Due to construction of the US Airways flight operations center and development along Cherrington Parkway, the Ewing Road interchange needed an upgrade to facilitate the increased traffic. The first phase was installing new traffic signals and expansion of the eastern side of the interchange. A roundabout, the first to be built in Allegheny County in years, was selected as the remedy for the western side of the interchange. On June 27, 2011 at 11 AM, the eastbound on-/off- ramps closed for construction and reopened October 31 when the $950,000 project was completed.
In the 1963 Pittsburgh Area Transportation Plan, provisions were made to extend the Airport Parkway north of the present PA 60 alignment to Beaver Grade Road and onto Interstate 79. At that point, it would have turned to head towards McKees Rocks, and onto the North Side to an interchange with the proposed Oakland Crosstown Freeway near McKnight Road in the vicinity of the present I-279 interchange. This is the reason that the Exit 60 of I-79 is not a complete interchange, because PA 60 was not meant to still be on the former US 22/US 30 alignment. Interchanges would have been built at the following locations:
An extension was also planned to continue past the former Greater Pittsburgh International Airport Terminal to connect to the Beaver Valley Expressway. Both plans were killed in the 1970s, however as mentioned above, PennDOT did upgrade Business PA 60 to expressway standards to Thorn Run Road.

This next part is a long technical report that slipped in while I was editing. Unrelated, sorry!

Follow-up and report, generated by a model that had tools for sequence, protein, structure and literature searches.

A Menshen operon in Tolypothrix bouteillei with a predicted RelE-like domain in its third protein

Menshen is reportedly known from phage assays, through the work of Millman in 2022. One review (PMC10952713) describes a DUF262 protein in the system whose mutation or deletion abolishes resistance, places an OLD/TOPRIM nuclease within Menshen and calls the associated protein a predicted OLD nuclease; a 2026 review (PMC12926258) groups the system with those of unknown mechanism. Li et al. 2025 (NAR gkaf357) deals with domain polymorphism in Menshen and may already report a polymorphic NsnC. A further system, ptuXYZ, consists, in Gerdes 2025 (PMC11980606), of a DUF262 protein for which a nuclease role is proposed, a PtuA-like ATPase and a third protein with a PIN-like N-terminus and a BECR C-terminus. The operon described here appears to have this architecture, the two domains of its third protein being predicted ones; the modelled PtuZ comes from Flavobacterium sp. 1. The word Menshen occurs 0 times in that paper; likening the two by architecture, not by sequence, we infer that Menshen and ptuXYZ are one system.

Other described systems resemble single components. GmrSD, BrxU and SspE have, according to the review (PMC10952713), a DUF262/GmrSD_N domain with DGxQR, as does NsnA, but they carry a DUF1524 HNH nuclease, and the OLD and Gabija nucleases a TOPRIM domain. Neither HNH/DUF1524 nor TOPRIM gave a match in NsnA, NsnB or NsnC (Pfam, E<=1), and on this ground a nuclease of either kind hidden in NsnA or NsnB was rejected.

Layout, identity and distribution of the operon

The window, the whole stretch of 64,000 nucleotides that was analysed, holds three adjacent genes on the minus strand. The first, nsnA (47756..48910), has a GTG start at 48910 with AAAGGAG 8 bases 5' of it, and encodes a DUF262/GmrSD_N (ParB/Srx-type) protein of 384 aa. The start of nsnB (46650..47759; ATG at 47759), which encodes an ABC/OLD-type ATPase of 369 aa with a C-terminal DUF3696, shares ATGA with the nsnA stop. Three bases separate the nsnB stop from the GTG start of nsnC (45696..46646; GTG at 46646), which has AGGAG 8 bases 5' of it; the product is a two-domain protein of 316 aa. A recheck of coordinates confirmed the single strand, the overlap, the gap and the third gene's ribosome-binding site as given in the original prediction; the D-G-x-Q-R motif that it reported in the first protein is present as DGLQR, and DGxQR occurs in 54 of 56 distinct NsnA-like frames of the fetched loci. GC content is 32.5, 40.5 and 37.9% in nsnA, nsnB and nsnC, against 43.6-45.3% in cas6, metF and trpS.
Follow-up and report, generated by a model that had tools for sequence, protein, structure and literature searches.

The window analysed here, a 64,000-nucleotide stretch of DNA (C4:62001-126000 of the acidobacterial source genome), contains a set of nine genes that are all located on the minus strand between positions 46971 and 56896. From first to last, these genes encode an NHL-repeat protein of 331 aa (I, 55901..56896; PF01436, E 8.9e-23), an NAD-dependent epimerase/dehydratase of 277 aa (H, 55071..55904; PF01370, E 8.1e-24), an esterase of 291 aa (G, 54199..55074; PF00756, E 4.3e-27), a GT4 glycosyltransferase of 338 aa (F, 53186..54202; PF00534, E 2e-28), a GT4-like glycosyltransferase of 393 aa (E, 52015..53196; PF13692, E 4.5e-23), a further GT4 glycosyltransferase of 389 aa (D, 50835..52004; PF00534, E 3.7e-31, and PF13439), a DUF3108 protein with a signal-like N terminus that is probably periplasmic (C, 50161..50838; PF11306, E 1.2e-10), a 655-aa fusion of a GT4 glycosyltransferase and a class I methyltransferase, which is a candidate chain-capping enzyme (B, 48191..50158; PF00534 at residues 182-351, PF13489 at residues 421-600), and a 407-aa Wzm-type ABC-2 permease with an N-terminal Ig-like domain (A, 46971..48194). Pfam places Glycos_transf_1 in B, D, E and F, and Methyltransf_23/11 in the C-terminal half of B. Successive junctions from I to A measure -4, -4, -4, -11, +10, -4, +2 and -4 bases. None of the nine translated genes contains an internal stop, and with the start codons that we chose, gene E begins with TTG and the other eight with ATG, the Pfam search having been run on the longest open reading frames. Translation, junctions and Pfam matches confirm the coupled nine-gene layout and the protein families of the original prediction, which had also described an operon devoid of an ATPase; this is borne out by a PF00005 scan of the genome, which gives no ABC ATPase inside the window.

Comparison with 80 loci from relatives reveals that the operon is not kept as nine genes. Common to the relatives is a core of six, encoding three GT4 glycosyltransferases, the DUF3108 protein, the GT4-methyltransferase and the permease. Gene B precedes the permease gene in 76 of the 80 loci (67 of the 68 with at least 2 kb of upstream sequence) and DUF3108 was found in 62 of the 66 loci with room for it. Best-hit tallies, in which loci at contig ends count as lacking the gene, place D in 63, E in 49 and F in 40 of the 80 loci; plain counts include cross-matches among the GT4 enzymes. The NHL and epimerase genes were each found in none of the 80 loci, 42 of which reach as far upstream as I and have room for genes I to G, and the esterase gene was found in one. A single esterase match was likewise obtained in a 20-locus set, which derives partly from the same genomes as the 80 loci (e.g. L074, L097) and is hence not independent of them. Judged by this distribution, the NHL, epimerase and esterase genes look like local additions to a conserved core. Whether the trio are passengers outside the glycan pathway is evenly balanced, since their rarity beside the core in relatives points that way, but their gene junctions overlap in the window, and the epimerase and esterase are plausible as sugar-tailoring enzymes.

Airport Parkway Pictures
Exit Guide (PA 60)
Exit Guide (Business PA 60)
Business PA 60
Future Interstate 376 Corridor Map
Mutlimodal Airport Corridor Project - Port Authority of Allegheny County
Business PA 60 Interchange Browser - Tim Reichard
Business PA 60 Junction List - Tim Reichard
PA 60 Interchange Browser - Tim Reichard
PA 60 Junction List - Tim Reichard
PA 60 Pictures - Andy Field/Alex Nitzman
Terminus of PA 60 - Adam Prince
Terminus of Business PA 60 - Adam Prince
US 22/US 30 in Robinson.
University Boulevard in Moon.
99th Infantry Division Memorial Highway: PA 60 to University Boulevard
SR 0060: US 22/US 30 to the
SR 3160: Southern Expressway to University Boulevard
22/US 30 to Business PA 60 (Northbound)
Business PA 60 to US 22/US 30 (Southbound)
Robinson Town Centre
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Back to Pittsburgh Expressway System
Page updated December 01, 2013.
Content and graphics, unless otherwise noted, copyright © Jeffrey J. Kitsko. All rights reserved.
Information sign courtesy of Richard C. Moeur.
Pittsburgh Belt System shield courtesy of Bruce Cridlebaugh.
Traffic.com logo courtesy of Traffic.com, Inc.
Information courtesy of the Pennsylvania Department of Transportation, Pittsburgh Press, Pittsburgh Post-Gazette, Pittsburgh Tribune-Review, and Pittsburgh International Airport: A Commemorative Book by Executive Report.